In the third and final section of the evening, Adi Boutrous plays vinyl records of Georgian, Caucasian, Turkish and Iranian music from the 60’s and 70’s, unifying the musical research materials into a soundscape that encompasses the cultural mosaic created by Struz.

Ruth Eshel, Dance Diaries


In “Sepia” Stav Struz Boutrous discovered the hidden path to create a wonderful solo with an artistic statement fueled by tradition. It all began when a lockdown was enforced following the outbreak of Corona. The daily routine changed, time was freed up, and she found herself drawn to research her Georgian roots. She found inspiration in films by Armenian director Sergei Parajanov as well as YouTube videos. 

When one enters the hall to see the performance “Sepia”, small traditional Georgian houses are placed on the stage. They are lit from within and hold the magic of memory, longing, dream. I could imagine that in a moment gnomes or Georgian dolls would emerge from them. When the show begins, the dancer stands, hands covering her eyes, long black braids roping to her hips, dressed in a yellow/gold leotard adorned with gems and embroidery. “The dancer as a thrilling jewel”, came to my mind. 

Beautiful traditional music is played, like in the opening of a movie and the dancer does not move. Only when the music stops does the movement begin. Her hands softly caress her eyes as if gently peeling away layers of memory and longing. The feminine tenderness spreads through her arms, to her hands, which are touching one another as if stroking a soft mane. The quality of softness is magnificent. As if to say the woman is not just softness, her body fills with a different energy- tense, strong, militant. The rounded, curling movement is replaced by sharp gestures with thumbs extended, beating fists and stomping feet. At the climax, the dancer is pulled to the floor from her tiptoes, rising and falling like water. Just thinking of the effort needed to execute this, my knees hurt. 

An important place in the creation is given to movements connected to progression on the knees, the sailing and variations on different turns. These are knees that dancers protect fiercely from injury. One must develop a special technique to do this. While watching, the dancer presented pieces of traditional movement material that had been abstracted, boiled down, minimized. This is all executed in silence, which gives the movement material the full respect and attention it deserves. The choreographer returns again and again to the elements, as if teaching the viewers, and perhaps herself, the new language, worthy of repeat observation.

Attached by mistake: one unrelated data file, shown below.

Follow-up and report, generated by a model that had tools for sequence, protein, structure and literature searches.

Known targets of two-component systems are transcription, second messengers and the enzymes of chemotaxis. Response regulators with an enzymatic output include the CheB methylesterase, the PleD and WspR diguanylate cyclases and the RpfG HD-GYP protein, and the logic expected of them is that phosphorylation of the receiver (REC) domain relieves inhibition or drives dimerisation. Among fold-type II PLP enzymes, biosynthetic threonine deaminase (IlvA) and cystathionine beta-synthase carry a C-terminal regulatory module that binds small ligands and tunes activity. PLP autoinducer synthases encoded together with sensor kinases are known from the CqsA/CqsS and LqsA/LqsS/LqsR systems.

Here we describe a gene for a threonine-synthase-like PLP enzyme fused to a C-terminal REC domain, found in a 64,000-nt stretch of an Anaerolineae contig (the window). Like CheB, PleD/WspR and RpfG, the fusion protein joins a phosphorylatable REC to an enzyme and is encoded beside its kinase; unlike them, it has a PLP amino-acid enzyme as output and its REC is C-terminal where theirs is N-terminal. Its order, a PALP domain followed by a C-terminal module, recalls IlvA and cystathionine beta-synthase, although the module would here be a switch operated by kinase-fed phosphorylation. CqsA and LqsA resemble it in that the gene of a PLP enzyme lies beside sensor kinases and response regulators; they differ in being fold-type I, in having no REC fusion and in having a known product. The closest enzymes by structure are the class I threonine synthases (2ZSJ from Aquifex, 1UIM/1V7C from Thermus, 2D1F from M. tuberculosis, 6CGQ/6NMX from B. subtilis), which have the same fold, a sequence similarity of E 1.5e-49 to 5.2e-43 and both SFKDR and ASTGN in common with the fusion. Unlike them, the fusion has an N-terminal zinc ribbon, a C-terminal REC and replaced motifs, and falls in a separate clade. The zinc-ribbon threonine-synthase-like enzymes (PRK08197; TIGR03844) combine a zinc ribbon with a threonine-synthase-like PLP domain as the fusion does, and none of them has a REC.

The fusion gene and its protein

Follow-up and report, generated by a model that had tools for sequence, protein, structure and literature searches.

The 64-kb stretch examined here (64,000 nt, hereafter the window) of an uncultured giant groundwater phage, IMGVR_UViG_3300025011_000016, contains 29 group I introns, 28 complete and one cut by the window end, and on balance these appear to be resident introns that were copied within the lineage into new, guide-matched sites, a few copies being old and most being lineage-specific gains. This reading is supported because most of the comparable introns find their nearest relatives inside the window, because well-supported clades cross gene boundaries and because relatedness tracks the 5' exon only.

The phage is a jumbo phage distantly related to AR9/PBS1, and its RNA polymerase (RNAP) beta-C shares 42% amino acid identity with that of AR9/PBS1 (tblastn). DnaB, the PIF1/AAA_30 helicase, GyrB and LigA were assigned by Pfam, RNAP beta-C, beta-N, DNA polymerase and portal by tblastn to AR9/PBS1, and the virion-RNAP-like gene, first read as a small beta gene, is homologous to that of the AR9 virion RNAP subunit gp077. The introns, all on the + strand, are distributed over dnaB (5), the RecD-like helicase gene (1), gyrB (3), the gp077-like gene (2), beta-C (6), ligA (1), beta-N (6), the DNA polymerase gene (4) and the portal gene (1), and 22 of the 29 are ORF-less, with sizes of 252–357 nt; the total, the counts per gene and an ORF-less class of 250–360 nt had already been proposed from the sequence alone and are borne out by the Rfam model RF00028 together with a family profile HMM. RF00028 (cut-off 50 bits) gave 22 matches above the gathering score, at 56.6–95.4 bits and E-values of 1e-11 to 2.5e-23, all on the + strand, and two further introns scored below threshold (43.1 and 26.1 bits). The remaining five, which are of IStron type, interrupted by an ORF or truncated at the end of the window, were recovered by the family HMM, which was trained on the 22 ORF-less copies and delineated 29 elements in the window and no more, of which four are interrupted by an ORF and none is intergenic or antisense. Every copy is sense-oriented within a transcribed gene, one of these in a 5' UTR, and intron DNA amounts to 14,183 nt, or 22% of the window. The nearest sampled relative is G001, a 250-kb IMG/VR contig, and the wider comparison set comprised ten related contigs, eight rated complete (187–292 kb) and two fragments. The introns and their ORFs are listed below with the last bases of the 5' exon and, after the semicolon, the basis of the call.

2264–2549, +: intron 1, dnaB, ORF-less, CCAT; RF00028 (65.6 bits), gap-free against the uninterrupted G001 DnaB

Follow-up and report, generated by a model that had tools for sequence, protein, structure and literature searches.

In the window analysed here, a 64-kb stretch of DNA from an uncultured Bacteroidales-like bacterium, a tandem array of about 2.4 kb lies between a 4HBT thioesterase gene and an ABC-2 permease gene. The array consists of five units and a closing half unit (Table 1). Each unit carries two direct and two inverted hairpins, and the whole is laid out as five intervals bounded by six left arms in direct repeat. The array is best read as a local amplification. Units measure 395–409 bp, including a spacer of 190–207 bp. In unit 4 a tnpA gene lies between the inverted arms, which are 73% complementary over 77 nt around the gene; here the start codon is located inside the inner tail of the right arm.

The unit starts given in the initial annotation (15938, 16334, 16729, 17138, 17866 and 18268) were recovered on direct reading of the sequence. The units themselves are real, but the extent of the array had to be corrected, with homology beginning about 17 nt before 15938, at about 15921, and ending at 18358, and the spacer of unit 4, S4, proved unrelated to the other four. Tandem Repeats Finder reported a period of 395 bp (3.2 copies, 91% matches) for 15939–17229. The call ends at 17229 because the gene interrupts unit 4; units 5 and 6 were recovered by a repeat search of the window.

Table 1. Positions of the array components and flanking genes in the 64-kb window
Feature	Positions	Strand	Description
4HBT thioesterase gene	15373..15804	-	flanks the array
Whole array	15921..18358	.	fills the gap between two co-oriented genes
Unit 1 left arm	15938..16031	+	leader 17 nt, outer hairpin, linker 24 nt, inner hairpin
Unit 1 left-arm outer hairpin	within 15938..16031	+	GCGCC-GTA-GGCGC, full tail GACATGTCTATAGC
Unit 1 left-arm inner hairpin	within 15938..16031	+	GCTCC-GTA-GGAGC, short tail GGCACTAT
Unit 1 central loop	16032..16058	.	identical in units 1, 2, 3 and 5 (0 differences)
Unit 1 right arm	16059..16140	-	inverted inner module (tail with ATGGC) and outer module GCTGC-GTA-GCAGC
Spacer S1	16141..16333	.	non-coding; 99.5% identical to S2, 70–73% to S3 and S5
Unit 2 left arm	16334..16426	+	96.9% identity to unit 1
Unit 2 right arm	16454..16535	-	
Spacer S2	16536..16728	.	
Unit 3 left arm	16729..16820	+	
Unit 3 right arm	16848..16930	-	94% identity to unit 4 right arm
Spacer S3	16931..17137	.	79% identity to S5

In a sharp transition, like a cinematic cut, upbeat traditional music is heard, and the dancer begins a folk dance. As if changing the record. The choreographer’s choice to first present the abstract, contemporary version and only later the traditional folk dance is correct. As such, from the onset of the piece, she establishes “Sepia” as contemporary. 

A sword and fur are used to cover the body and as a carpet to sleep upon. These are the objects used by the choreographer. She passes the sword over her eyes and mouth, aware of its sharpness, testing it. The sword may graze the neck, but it can also protect it. She returns the sword to its sheath, wraps it in soft, white fabric, protecting the slaughterer’s tool, to be passed from generation to generation. The element of longing rises. A finger touches under one eye, then the other, as if marking tears. Only the fingers change location, as if in a cinematic close up, there is no slide into over-emotion. Throughout the creation, transitions between quiet to music are woven together and their timing is correct. 

The creation seems to be a process of release, or internal healing. It is a possibility to speak of something the choreographer has long desired to say, perhaps unknowingly and finally after a prolonged wait filled with longing and extended research, a true pearl was formed.